Future cinema on display in Japan

June 9, 2005

Laser CinemaIn what could be a precursor to the cinema of the future, Sony, NEC and Canon (among others) have teamed up to create some remarkable sights and sounds for the Expo 2005 show in Aichi Japan. Among the various attractions and exhibits is “Global House” which uses technology to portray the history of the universe. One particular presentation (The Laser Dream Theater) uses a 164 foot laser projection system with an 11-channel sound system, to screen a short called “Voyage Around the Earth”.

Another attraction dubbed the “Super High-Vision Theater” uses “The world’s first super high-definition image system” which is used to screen another set of shorts called “A Hymn to Life” and another piece described as a “visual poem”. The hardware used is said to offer 16 times the resolution of high definition, although I have no earthly idea how this footage was captured, it certainly sounds breath taking. Not to be outdone by the laser theater, the SHV Theater incorporates 22.2 channels of three-dimensional audio, with active acoustic management.

The show which runs through June 19th is described as a tribute to “the marvelous mechanism of nature” and a world showcase of mans accomplishments in the 20th century.



Posted by Bryan Greenway | | Filed Under Display Technology


Comments

  • casato

    I went to the world Expo in Japan two weeks ago. The Sony exhibition was very impressive. The HD images on a screen 10 meters high and 50 meters long was clear and sharp. One caveat was that the image was not seamless. You could clearly see two vertical lines stitching the three images into one. I also thought that the right side of the screen looked sharper than the center and left. Given the choice, I’d rather pay for an IMAX film. On a positive note, I am impressed by the laser technology, color saturation, and screen size.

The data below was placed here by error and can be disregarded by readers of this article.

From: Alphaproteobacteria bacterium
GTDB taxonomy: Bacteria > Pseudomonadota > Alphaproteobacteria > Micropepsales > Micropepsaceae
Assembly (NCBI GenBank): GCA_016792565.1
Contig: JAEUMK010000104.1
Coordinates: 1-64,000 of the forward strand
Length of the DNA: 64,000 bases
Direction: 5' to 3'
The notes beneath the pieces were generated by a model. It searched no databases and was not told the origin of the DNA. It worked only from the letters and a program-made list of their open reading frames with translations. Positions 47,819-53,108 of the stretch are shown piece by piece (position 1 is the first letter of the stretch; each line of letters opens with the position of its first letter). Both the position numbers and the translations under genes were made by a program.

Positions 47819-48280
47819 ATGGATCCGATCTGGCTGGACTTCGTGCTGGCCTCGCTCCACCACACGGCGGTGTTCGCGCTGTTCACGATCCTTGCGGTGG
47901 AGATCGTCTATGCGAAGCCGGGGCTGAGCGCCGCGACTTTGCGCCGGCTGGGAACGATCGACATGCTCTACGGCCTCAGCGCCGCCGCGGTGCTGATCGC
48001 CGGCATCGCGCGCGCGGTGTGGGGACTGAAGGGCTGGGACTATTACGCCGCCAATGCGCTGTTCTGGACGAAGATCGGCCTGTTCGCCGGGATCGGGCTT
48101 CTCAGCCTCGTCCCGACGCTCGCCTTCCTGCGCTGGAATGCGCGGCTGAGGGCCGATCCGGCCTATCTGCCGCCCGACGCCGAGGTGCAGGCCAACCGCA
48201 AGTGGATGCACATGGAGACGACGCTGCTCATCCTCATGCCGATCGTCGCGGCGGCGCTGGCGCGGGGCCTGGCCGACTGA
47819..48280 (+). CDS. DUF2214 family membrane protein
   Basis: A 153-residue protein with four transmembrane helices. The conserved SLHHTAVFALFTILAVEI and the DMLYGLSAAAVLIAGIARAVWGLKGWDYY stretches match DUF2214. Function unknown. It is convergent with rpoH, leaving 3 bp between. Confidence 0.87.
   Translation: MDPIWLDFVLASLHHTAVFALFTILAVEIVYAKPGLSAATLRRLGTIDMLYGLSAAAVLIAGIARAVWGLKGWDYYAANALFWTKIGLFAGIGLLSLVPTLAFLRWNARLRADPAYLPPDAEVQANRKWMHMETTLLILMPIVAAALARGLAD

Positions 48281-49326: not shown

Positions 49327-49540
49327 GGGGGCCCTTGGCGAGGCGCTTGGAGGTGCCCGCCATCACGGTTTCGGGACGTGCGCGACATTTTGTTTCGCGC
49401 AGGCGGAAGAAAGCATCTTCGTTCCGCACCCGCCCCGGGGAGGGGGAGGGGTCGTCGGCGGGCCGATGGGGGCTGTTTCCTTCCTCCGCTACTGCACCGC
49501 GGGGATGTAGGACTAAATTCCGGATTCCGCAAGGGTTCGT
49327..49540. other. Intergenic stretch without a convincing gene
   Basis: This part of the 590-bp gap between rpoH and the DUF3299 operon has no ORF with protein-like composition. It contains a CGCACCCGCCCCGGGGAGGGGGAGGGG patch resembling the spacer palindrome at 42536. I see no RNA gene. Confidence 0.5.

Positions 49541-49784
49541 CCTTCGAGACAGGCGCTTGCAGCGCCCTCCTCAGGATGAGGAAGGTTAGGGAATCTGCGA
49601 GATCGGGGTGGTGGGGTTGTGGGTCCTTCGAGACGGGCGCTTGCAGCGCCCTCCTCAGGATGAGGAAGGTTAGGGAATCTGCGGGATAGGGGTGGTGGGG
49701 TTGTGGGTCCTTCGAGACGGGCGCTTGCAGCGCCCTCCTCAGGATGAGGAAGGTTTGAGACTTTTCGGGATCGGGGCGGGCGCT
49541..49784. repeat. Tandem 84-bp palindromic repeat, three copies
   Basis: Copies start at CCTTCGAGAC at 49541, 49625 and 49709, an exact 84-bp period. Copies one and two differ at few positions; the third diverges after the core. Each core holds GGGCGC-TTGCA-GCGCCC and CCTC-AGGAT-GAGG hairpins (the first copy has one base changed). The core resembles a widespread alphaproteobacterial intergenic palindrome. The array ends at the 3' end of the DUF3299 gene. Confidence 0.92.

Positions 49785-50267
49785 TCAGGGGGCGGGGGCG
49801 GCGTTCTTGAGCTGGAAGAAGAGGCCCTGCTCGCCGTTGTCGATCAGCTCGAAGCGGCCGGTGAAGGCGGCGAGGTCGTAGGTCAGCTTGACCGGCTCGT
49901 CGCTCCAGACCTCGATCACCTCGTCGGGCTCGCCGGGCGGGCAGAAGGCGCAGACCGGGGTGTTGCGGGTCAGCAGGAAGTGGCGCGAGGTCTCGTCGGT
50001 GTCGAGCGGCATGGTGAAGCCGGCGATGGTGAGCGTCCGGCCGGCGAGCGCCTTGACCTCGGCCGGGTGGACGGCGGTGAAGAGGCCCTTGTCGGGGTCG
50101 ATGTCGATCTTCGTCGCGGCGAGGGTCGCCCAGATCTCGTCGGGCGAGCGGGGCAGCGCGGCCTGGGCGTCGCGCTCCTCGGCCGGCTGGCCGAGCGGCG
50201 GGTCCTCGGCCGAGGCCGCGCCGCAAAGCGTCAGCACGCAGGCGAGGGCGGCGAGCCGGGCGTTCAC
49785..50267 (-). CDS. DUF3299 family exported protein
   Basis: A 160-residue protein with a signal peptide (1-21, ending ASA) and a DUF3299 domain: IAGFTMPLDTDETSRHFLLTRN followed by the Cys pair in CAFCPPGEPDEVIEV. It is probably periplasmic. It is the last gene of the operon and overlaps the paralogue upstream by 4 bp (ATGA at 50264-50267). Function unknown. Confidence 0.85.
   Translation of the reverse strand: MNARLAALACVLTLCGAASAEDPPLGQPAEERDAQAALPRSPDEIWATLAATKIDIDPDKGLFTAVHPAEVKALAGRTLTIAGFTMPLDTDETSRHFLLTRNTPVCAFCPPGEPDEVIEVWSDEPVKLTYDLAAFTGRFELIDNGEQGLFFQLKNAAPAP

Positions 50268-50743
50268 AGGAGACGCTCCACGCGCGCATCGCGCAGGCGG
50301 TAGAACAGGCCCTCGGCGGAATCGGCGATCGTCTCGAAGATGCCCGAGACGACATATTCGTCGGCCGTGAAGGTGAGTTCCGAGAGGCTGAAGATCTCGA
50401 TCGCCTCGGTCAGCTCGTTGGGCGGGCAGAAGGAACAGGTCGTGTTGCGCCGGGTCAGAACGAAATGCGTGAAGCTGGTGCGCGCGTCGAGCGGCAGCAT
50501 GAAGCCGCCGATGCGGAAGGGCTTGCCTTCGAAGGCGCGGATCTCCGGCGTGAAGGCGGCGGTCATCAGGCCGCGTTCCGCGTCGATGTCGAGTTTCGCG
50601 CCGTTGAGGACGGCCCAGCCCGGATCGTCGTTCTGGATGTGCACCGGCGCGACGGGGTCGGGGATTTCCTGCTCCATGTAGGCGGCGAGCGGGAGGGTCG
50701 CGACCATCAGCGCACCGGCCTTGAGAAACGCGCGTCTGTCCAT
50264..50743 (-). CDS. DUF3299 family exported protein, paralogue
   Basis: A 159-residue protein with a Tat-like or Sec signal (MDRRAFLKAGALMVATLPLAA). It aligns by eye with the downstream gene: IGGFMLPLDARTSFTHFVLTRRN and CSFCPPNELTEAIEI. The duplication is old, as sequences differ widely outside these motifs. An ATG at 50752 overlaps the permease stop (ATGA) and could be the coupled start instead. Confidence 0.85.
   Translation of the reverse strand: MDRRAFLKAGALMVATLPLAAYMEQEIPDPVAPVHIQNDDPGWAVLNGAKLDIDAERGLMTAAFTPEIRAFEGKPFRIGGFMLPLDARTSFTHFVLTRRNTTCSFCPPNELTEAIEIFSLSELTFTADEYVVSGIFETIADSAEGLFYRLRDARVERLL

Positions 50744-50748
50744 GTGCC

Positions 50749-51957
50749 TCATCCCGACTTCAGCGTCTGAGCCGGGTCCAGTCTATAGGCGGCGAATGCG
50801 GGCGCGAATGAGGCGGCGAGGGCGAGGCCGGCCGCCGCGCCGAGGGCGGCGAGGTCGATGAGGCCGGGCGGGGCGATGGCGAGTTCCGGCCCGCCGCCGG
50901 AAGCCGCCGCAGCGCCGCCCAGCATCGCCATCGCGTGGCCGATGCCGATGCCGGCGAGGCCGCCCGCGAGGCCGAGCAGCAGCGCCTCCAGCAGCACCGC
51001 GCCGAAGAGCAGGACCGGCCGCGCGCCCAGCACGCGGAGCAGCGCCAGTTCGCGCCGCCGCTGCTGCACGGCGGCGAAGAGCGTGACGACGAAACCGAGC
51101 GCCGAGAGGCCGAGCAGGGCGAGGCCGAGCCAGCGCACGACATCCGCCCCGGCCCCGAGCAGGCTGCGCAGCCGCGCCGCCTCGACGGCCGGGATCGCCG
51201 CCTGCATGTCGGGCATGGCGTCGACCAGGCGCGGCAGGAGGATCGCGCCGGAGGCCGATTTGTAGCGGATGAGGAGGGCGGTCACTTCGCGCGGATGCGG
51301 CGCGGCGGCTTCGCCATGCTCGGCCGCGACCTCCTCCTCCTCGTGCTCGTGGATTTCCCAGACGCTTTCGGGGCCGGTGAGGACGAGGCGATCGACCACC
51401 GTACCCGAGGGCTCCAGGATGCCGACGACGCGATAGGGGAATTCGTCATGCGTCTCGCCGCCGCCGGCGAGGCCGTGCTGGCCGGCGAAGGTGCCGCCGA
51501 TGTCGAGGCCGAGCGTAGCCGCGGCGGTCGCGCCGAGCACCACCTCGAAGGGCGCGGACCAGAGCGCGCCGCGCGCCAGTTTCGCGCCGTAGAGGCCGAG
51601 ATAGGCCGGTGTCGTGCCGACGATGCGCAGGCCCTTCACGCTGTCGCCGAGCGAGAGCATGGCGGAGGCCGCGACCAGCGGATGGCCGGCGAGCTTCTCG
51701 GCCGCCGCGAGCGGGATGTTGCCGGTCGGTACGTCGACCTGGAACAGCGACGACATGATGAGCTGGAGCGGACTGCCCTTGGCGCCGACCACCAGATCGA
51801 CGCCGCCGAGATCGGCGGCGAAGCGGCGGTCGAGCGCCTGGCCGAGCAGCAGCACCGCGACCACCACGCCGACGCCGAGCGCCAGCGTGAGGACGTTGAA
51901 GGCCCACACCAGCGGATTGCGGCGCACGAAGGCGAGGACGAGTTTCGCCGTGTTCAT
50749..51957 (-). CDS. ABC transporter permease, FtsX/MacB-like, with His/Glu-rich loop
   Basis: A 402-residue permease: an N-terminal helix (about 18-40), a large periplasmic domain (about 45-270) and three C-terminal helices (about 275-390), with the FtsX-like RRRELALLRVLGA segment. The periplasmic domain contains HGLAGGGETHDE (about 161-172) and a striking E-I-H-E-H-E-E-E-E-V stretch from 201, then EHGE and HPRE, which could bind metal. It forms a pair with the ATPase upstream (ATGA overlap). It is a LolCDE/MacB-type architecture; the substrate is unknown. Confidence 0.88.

• casato

    I went to the world Expo in Japan two weeks ago. The Sony exhibition was very impressive. The HD images on a screen 10 meters high and 50 meters long was clear and sharp. One caveat was that the image was not seamless. You could clearly see two vertical lines stitching the three images into one. I also thought that the right side of the screen looked sharper than the center and left. Given the choice, I’d rather pay for an IMAX film. On a positive note, I am impressed by the laser technology, color saturation, and screen size.

  • Darren Cornwell

    And here’s was me thinking that the Hi-Def revolution was still in it’s infancy (at least here in the uk) it sounds amazing, with technology like this in use it can’t be long before HD technology comes down further in price. Finally I can show my HD edits on a screen worthy.

  • Darren Cornwell

    And here’s was me thinking that the Hi-Def revolution was still in it’s infancy (at least here in the uk) it sounds amazing, with technology like this in use it can’t be long before HD technology comes down further in price. Finally I can show my HD edits on a screen worthy.